When a number of Roman graves with decapitated skeletons were discovered near York, the popular explanation was that heads were ritually removed after death to prevent ghosts returning to haunt the living. Katie Tucker, the human remains archaeologist at the site, analysed the burials and found no evidence to support that theory. Her in-depth study of the archaeological and osteological aspects of human decapitation burials, particularly the evidence for trauma in the skeletal remains, argues that decapitation was the cause of death.
A Gentleman's Guide to Duelling
Vincentio Saviolo's 'Of Honour and Honourable Quarrels'
Annotated woodcuts of historical duels and methodical swordplay illustrate this classic guide to resolving a gentlemen’s disagreement in Elizabethan England. Honour, pride and shame were at the heart of most duels, and Italian fencing master Vincentio Saviolo’s prose, which has been subtly updated for the modern reader, suggests ways for both challenger and defender to navigate the labyrinth of etiquette without resort to the rapier, his favoured weapon of combat.
Breach of Promise to Marry
A History of How Jilted Brides Settled Scores
Hiding from daylight in her mouldering wedding dress, Dickens’s Miss Havisham is the classic literary image of the jilted bride. But thanks to the 18th-century law of breach of promise, many women had more attractive options. This entertaining social history uncovers more than a thousand cases in which wronged fiancées employed no win no fee lawyers to gain substantial financial redress for their disappointment – and adventuresses extracted money from men ‘they cannot possibly want as husbands’.
Dinner with a Cannibal
The Complete History of Mankind's Oldest Taboo
In this thorough examination of human cannibalism, a palaeoanthropologist analyses the evidence, from ancient fossils to recent genetic findings, that marks us all as descendants of cannibals. Investigating when and why humans have eaten their own kind, she identifies cannibalism as an ancient, natural strategy used by early humans to survive periods of food scarcity, but also considers the religious and culinary contexts in which it has been practised in historical times.
A Taste of History
The Stock Exchange began in a London coffee house, as did Lloyds; fish and chips was invented in Victorian London; and Fortnum and Mason supplied Florence Nightingale in the Crimea and Parry's expedition to find the North-West Passage as well as innumerable aristocratic picnics. This history of London's food is full of such milestones and outstanding personalities, described in chapters on how London has been provisioned, its markets, shops and restaurants, foreign imports and the eating habits of Londoners.
Divorced, Beheaded, Sold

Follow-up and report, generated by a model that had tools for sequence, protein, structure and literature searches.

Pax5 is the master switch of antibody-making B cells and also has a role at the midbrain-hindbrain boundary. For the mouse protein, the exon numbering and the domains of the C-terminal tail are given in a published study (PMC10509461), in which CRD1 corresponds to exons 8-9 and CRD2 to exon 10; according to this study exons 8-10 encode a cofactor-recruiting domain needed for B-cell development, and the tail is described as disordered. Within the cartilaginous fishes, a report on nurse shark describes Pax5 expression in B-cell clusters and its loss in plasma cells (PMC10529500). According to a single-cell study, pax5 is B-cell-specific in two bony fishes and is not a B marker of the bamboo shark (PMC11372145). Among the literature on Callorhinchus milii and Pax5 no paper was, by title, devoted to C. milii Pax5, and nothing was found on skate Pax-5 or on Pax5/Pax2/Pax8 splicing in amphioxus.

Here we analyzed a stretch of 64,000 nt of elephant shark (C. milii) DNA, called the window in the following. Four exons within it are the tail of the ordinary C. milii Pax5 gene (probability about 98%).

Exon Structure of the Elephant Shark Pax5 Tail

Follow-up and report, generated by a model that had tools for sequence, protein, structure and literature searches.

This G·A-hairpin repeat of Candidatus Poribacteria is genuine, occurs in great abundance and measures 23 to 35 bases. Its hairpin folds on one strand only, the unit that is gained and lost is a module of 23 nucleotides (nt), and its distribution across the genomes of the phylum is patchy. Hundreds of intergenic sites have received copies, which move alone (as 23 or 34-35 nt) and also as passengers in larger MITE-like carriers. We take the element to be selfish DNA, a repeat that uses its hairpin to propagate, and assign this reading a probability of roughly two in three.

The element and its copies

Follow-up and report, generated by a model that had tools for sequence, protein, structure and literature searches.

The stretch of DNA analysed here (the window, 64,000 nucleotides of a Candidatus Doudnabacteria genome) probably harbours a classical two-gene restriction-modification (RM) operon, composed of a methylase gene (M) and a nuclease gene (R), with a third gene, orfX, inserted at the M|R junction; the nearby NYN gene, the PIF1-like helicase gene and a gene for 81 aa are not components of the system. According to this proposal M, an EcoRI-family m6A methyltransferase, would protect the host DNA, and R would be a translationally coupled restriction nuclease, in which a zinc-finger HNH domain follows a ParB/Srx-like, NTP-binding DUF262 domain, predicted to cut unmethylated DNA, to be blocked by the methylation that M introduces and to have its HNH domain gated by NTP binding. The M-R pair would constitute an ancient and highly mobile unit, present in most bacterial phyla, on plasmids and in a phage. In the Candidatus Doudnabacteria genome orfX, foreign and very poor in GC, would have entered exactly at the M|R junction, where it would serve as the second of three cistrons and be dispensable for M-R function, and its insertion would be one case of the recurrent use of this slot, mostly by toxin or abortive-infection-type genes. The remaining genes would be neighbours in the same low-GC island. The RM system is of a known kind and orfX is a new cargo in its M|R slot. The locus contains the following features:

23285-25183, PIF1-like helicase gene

Ending an English Marriage 1500–1847
How could English people end unhappy marriages before divorce was readily available? As the colourful stories in this book reveal, the options ranged from quietly but bigamously remarrying to selling an unwanted wife to the highest bidder at market. The author also examines a 1594 case in which neighbours helped a woman retrieve property from her husband, and occasions when wives successfully sued for legal separation. The appendix focuses on Henry VIII's marital arrangements.
The Entertainment of Charles II
In February 1661 the restored monarch Charles II made a progress through London, from the Tower to Whitehall and his coronation, passing through four triumphal arches constructed for the event. John Ogilby, Master of Revels, was commissioned to organize the spectacle for the procession. Published in 1662, his Entertainment contains texts of the poetry, notably translations of Virgil, descriptions and engravings of the four arches and details of the ceremonies. This facsimile edition has an introduction by Ronald Knowles. No jacket.
In Bed with the Romans
Writers' lurid tales of their rulers' sex lives are a familiar part of our image of ancient Rome, but how reliable are these accounts and what can such stories tell us about Roman attitudes to sexual behaviour and morality? Drawing on twelve centuries of evidence from literature, inscriptions, graffiti, medical handbooks, legal texts, magic spells and frequently explicit visual arts, this wide-ranging account explores the Roman view of love, marriage, childbirth, homosexuality, prostitution and infidelity.
Sex and Punishment
Four Thousand Years of Judging Desire
Sex is one of the most powerful human drives, and societies have sought to regulate it since the dawn of history. Meticulous, scholarly, yet laced with spicy anecdote, this chronological survey ranges from the brutal impalement of an adulteress in Mesopotamia to the trials of Oscar Wilde. Peopled with transvestites, rent boys, royal mistresses and gay charioteers, it demonstrates how what is 'normal' in one age is forbidden in another, exposing the futility of such attempts to constrain human sexuality.
Factory Production in Nineteenth-Century Britain
This anthology brings together writings that suggest the scope of responses – from wondrous celebration to apocalyptic horror – elicited by the advent and establishment of the factory system in 19th century Britain. Addressing complex questions about the possible effects of mass production on human life and labour, the collection includes important works by Adam Smith, Ruskin, Carlyle and Morris alongside extracts from lesser-known factory tourists' tales and inspectors' reports, a Luddite pamphlet and a cotton mill worker's autobiography.